Drive along, Minnesota

Teen driving deaths do not require new driving laws.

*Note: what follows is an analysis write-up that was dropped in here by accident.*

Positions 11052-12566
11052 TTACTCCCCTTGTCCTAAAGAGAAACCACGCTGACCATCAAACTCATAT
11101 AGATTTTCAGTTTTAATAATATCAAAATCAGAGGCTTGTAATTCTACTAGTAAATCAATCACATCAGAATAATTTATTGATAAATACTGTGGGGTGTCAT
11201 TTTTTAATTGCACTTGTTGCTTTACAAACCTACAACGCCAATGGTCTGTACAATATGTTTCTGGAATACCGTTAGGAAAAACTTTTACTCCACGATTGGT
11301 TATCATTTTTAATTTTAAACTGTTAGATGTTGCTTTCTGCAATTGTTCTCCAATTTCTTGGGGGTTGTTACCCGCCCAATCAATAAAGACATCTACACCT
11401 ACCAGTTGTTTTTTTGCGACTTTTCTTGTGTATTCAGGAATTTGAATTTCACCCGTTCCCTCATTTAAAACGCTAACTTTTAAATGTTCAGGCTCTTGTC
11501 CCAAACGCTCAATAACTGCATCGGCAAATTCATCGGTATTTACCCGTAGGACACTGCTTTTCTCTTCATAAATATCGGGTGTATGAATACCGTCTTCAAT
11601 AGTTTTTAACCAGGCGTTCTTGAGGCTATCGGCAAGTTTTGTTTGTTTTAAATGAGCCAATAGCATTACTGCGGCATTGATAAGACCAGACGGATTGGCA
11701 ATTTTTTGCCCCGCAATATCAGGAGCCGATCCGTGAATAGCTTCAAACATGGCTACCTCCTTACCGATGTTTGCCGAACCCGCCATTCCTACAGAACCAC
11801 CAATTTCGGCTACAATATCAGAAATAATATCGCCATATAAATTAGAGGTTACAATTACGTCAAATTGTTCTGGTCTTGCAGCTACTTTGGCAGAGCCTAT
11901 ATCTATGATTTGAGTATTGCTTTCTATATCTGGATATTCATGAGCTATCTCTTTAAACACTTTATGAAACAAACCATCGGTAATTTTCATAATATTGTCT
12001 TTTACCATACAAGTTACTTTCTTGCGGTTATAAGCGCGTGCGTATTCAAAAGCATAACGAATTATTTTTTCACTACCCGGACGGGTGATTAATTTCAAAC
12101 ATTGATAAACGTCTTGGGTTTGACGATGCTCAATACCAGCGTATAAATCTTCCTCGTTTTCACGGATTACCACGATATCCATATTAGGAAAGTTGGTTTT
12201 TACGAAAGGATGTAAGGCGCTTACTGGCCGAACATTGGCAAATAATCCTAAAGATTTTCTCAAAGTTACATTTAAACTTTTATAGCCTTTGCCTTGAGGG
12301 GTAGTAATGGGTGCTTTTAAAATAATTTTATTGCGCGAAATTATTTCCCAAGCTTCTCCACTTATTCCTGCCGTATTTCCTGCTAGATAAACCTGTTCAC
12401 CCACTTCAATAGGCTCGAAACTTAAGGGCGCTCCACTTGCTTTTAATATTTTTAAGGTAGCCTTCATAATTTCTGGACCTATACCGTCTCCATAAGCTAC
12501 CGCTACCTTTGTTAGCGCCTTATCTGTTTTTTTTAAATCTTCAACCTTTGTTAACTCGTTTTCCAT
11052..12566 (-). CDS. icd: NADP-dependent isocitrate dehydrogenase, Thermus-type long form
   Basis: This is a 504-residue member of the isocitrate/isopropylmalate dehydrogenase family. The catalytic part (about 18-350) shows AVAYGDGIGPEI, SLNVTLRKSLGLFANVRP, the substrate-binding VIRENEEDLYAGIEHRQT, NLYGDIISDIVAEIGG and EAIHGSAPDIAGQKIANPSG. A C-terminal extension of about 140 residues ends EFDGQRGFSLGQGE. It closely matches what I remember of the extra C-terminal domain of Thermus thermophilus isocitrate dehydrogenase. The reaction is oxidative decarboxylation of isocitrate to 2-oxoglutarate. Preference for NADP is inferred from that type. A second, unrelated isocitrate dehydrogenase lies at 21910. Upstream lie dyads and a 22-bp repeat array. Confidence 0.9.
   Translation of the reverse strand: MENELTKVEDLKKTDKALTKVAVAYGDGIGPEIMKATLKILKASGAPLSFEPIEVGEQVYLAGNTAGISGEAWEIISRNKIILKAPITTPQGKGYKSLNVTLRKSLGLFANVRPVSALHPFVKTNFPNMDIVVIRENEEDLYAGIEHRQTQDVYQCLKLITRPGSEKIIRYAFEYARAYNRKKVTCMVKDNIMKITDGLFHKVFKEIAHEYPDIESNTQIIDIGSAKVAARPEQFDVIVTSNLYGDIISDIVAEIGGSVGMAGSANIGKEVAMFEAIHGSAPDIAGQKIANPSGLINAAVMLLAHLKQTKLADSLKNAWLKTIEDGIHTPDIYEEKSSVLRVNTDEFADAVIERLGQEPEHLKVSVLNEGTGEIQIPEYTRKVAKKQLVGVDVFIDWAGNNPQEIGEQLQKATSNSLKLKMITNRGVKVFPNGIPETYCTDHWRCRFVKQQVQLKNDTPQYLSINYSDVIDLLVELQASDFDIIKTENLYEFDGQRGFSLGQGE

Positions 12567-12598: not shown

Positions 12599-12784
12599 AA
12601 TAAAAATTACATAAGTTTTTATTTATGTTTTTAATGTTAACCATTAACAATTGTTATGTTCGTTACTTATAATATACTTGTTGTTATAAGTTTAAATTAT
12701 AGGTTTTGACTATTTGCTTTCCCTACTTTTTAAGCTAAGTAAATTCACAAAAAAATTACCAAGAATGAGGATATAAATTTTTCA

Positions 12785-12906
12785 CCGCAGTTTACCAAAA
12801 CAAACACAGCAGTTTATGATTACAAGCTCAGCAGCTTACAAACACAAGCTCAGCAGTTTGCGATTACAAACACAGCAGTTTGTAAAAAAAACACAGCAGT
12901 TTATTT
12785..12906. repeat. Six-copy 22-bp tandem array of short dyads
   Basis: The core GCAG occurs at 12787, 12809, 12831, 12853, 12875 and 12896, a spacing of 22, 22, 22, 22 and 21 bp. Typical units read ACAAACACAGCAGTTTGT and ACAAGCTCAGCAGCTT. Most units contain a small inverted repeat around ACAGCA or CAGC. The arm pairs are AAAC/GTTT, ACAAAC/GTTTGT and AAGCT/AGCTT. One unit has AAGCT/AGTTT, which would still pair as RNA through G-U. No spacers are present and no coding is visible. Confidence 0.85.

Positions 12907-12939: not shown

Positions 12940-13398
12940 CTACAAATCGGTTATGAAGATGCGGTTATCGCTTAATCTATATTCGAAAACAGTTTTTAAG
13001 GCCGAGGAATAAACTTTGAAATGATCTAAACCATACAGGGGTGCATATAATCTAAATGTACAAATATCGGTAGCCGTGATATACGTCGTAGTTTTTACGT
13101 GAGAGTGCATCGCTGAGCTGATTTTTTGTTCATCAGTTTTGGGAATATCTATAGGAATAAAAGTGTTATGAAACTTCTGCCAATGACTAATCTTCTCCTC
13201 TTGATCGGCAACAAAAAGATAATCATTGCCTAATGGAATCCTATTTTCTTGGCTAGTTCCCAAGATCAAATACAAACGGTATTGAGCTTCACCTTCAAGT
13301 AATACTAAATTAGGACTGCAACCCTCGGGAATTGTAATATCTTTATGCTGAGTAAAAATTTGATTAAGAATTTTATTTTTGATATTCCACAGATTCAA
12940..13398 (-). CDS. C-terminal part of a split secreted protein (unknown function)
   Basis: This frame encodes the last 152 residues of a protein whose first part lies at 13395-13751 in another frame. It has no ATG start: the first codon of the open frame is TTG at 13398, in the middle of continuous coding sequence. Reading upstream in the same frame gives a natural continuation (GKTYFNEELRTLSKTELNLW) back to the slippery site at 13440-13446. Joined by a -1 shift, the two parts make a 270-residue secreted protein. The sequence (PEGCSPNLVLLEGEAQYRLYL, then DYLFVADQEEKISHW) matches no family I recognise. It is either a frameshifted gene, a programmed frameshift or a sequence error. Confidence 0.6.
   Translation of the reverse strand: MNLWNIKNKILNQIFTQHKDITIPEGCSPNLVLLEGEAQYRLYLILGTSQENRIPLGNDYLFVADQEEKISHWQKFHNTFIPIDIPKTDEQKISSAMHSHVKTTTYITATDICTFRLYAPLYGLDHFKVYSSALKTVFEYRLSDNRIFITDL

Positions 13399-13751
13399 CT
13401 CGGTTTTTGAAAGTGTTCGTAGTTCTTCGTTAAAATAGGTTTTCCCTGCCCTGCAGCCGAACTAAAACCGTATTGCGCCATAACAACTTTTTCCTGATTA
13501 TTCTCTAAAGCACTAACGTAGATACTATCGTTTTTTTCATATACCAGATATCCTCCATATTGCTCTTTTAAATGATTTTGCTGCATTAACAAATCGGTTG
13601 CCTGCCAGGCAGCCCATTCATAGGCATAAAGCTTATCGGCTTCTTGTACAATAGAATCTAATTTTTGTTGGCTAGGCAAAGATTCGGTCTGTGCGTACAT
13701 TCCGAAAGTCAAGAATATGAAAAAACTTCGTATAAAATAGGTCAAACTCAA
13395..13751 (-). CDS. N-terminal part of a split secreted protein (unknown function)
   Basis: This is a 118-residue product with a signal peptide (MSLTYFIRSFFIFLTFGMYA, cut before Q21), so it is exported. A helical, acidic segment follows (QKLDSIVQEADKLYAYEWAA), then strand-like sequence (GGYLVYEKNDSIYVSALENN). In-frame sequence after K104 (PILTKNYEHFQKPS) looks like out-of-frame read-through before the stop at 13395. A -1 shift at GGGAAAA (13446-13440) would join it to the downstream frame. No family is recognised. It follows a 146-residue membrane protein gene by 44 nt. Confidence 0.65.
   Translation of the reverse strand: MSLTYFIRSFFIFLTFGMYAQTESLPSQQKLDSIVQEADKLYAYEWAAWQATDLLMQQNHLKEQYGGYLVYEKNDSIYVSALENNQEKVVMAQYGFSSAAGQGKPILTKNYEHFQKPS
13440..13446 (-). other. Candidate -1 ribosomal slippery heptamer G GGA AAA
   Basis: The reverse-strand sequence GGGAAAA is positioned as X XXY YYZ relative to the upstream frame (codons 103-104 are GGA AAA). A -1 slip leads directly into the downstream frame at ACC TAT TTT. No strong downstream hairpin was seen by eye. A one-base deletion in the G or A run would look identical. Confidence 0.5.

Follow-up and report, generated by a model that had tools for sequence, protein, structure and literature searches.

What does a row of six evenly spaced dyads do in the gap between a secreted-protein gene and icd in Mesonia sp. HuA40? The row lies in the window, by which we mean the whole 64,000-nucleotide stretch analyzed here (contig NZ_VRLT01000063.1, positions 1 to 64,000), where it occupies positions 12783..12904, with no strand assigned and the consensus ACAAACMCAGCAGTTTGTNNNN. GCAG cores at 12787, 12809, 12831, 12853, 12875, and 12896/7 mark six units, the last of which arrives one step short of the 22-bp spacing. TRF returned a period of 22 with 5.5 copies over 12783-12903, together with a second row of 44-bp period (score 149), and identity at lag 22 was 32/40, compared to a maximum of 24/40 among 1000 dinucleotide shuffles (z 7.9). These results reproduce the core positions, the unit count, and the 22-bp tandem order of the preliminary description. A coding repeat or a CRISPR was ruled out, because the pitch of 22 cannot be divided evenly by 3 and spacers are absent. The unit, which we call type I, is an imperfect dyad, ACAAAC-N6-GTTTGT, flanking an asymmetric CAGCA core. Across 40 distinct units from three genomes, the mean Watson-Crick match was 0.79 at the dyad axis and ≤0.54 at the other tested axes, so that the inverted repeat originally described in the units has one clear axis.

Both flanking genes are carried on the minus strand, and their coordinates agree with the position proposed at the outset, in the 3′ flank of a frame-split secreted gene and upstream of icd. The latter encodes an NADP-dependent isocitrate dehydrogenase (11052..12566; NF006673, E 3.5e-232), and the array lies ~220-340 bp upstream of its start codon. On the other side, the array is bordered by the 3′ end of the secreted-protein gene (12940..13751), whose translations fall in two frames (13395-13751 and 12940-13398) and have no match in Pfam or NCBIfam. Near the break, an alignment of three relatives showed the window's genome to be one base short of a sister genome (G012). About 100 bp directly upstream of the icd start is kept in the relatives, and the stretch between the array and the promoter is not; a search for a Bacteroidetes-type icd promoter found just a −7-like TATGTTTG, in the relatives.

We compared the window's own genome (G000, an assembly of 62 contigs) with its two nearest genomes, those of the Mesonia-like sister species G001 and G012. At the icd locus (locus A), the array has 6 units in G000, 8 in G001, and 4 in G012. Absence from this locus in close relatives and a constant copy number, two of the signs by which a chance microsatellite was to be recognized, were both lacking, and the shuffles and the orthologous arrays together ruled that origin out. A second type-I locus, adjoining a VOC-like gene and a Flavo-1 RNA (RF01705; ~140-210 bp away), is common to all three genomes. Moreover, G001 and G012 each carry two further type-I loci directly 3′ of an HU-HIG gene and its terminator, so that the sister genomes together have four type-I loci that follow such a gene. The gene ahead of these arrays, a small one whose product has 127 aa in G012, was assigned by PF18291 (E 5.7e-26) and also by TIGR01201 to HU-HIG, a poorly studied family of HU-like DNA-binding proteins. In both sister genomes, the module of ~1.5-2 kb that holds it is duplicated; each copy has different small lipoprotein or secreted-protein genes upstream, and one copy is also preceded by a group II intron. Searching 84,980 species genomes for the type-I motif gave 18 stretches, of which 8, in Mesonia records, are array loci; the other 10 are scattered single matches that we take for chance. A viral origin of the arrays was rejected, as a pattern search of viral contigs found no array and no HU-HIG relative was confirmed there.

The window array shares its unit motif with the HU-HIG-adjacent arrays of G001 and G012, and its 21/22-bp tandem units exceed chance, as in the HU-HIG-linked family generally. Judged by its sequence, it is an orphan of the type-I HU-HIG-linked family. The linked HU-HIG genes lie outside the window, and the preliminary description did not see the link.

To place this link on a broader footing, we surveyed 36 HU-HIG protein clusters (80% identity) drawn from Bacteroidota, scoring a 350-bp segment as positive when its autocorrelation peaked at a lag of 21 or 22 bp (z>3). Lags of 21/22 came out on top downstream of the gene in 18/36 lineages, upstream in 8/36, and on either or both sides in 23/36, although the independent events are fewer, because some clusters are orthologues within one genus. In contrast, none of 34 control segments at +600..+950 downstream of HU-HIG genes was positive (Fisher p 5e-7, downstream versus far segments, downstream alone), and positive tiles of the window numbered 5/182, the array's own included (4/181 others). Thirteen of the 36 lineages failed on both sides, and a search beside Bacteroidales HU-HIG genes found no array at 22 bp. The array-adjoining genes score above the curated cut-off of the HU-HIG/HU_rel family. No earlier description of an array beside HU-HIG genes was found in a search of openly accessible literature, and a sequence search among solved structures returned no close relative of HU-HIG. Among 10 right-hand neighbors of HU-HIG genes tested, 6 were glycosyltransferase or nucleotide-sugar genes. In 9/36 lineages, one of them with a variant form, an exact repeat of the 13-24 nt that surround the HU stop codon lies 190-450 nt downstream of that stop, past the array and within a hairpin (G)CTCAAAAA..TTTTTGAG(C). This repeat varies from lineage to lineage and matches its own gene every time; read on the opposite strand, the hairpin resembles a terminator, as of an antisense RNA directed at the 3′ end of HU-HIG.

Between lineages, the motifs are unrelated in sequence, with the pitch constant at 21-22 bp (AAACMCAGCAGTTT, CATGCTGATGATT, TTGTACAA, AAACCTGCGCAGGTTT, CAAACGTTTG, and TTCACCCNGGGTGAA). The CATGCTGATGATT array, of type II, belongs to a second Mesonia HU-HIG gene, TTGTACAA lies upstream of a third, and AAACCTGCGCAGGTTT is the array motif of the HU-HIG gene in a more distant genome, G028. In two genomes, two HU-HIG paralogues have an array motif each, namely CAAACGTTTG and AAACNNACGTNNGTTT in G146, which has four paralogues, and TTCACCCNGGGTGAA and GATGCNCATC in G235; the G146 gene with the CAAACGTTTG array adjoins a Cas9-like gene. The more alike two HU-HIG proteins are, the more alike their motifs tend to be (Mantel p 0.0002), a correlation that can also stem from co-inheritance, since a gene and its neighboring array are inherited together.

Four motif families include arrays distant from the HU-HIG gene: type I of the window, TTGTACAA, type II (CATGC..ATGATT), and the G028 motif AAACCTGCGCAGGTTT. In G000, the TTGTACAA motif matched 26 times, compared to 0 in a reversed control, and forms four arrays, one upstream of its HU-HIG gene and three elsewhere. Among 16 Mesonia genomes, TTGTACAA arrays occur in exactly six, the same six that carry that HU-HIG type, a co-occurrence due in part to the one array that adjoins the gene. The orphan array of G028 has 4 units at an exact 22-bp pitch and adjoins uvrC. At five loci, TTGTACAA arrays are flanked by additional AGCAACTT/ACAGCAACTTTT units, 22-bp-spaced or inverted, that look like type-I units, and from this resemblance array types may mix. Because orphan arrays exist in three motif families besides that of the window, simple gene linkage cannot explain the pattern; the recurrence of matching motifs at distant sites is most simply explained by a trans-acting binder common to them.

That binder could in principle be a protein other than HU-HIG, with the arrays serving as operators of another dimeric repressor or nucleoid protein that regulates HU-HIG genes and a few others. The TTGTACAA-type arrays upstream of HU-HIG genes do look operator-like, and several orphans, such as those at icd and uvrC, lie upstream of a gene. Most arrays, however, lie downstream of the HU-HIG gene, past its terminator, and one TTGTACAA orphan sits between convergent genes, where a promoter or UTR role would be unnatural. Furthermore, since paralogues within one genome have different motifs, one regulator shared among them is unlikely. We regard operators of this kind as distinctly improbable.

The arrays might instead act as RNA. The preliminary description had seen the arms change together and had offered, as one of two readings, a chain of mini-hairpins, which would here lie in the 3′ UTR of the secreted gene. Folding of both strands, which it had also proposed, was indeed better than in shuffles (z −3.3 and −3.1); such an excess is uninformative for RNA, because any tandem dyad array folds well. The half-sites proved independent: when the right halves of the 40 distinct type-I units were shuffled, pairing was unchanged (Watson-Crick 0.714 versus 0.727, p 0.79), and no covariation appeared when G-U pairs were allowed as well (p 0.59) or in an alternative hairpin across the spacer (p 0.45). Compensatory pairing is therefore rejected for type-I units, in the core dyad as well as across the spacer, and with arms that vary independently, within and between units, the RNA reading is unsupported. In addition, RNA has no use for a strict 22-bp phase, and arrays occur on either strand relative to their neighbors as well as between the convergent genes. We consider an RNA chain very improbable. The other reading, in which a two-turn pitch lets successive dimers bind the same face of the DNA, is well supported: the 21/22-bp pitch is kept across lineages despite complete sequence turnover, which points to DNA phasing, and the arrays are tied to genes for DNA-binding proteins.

A string of youth driving tragedies in Minnesota has prompted WCCO to ask âÄúIs 16 too young to drive?âÄù and the Star Tribune Editorial Board to declare âÄúState needs stiffer road rules for teens.âÄù Such kneejerk democratic deliberations threaten not only teenagers eager for their first free-wheelinâÄô summer, they should worry the liberal and freedom-minded among us. When a worried and hasty protective political class can rouse a call for reform out of coincidental triple tragedy, it indicates the existence of a scripted polity. The headlines above drove us to wonder if the news and opinion writers had even read the stories from which theyâÄôd derived their latest public safety campaign. The drivers in question, it appears, had not even followed what laws were already on the books. For example, in the Cambridge crash, the driver was operating a vehicle past the legal 12 a.m. timeframe and had too many underage passengers in the car. Yet, Sen. Amy Klobuchar took the cue, announcing her sponsorship of the STANDUP Act, which would require drivers be 16 before getting a learnerâÄôs permit and grant a three-stage licensing process to the federal government. Senator, letâÄôs not make a pile-up out of a fender bender. Minnesota can manage its own driverâÄôs licenses; the stateâÄôs roadways are quite safe for teens, contrary to what our protective metro dailies suggest. MinnPostâÄôs Eric Black corrected them over the weekend: âÄúTeens in Minnesota are substantially less likely to die in car crashes than are teens nationally.âÄù LetâÄôs relax and remember that in life, accidents happen. ItâÄôs time to hit the brakes on political opportunities in exaggerated crisis. Drive along.